More persuasively, Ernst and Young advised me that my bid was the third highest in the auction, so that even without the winning bid, I would still not have been successful. So it was time for me to let it go: Mr Watts’ company had, after all, lost a substantial amount of money in the collapse of Wrekin Construction, and was merely trying to recoup some of it: furthermore my £5,679 was not close to his winning bid of £8,010. His was just better pitched, although it would still be interesting to know the level of the underbid.
Mr Watts continued to be bullish about the value of his new acquisition. He said “I got a jeweller friend of mine to look at it, and he instantly spotted around twenty beautiful deep red rubies on the surface.” Based on his friend’s valuation, Watts said the ruby could be worth anything between £300,000 and £2m.
But he went on to say that the only way to know for sure will be to bring in an expert: “We have identified that we are in need of a gentleman from a mining company in South Africa to come and join us at a dinner event to take it apart. We will have a little meal for the board of directors, with a bottle of 1948 ruby port which we still have in the cellar, and he will sit and chip away all night and we will watch the rubies fall out like pomegranate seeds.”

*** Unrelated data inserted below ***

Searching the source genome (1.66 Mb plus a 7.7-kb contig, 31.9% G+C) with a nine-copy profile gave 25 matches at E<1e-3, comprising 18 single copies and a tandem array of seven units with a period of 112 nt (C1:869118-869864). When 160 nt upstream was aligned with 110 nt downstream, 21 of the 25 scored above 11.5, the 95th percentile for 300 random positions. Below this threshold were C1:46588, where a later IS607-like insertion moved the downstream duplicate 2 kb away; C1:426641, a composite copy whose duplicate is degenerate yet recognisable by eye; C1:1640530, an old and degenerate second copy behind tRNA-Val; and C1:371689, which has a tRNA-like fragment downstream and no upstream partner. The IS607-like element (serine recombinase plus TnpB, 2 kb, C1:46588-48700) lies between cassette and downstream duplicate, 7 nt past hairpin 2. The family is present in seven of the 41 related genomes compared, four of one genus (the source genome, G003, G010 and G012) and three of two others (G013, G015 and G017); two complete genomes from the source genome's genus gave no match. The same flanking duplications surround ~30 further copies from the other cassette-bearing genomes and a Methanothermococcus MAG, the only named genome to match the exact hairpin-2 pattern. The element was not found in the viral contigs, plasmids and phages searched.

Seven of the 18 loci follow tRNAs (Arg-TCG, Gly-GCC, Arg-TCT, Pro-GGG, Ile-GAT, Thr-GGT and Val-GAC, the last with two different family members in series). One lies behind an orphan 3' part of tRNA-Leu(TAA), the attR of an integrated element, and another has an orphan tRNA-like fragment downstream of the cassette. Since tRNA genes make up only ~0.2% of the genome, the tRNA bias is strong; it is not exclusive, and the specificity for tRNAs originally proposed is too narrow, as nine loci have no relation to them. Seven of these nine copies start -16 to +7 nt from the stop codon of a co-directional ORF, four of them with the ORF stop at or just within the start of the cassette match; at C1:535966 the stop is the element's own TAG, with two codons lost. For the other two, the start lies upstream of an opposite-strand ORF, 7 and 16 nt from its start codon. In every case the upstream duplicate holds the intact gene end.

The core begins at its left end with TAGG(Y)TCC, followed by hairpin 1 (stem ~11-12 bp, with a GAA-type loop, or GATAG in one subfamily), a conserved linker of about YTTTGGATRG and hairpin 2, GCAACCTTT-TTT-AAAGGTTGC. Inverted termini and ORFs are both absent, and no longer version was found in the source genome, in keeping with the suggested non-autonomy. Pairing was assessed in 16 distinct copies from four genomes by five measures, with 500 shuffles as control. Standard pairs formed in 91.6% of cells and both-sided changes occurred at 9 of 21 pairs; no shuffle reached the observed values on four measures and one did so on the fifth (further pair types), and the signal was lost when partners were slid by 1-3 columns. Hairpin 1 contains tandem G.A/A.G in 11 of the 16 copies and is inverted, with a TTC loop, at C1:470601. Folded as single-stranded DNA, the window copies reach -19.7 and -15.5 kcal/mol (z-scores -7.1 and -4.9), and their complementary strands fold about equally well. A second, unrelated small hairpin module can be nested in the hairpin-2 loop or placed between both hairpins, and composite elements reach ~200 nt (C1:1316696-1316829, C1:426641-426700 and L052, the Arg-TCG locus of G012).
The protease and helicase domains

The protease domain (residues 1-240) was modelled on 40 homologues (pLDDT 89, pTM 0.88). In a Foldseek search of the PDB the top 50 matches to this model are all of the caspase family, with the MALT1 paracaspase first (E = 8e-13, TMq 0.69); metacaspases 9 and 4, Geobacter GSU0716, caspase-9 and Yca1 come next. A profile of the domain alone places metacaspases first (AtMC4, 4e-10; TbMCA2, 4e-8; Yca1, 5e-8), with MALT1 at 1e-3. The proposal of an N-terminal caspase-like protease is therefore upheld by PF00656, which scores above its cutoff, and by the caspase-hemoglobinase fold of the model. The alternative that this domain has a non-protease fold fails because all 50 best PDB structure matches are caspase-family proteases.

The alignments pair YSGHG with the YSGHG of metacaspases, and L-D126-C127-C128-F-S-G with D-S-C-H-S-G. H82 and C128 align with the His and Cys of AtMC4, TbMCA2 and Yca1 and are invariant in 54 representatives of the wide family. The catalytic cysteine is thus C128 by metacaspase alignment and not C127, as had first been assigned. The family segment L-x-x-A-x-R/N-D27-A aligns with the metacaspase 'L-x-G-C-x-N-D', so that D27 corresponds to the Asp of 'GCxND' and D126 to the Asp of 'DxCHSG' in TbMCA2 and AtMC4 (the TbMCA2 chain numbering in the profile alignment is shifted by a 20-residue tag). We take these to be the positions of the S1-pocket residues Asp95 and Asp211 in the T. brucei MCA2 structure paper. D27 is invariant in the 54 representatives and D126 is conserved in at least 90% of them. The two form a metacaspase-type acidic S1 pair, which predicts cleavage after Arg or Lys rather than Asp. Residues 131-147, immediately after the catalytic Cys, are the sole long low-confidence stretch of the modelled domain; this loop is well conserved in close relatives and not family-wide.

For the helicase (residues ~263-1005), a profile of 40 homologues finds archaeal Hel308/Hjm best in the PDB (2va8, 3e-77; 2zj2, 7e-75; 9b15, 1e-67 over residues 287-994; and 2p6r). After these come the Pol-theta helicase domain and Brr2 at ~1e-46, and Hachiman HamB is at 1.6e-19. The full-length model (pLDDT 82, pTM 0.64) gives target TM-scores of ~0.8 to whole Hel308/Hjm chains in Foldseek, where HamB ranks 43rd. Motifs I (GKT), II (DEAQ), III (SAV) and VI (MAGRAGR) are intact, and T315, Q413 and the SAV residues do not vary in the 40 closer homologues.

Disappointingly, this never happened. Although he estimated breaking up the stone would generate a return of at least £50,000, he kept the stone intact, believing, on the basis of interest from enthusiasts in the US, that he could get much more by selling the stone intact.
He eventually decided to to keep it, and was quoted in 2011 saying “If I ever get down to my last fiver and need a good bottle of Shiraz then I might do something with the ruby. For the moment I am going to keep it.”
In December 2013 Wrekin owner David Unwin was disqualified as serving as a company director for ten years: two other directors were also served bans.
And, if the radio silence on the subject for the last ten years is any guide, Mr Watts has not received an offer for the gem which has tempted him to sell the gem, and he still owns the fabled Gem of Tanzania. One day we might have a better idea of its true value, which might require someone to break it apart first. But that would be a shame. We need some mystery in our lives.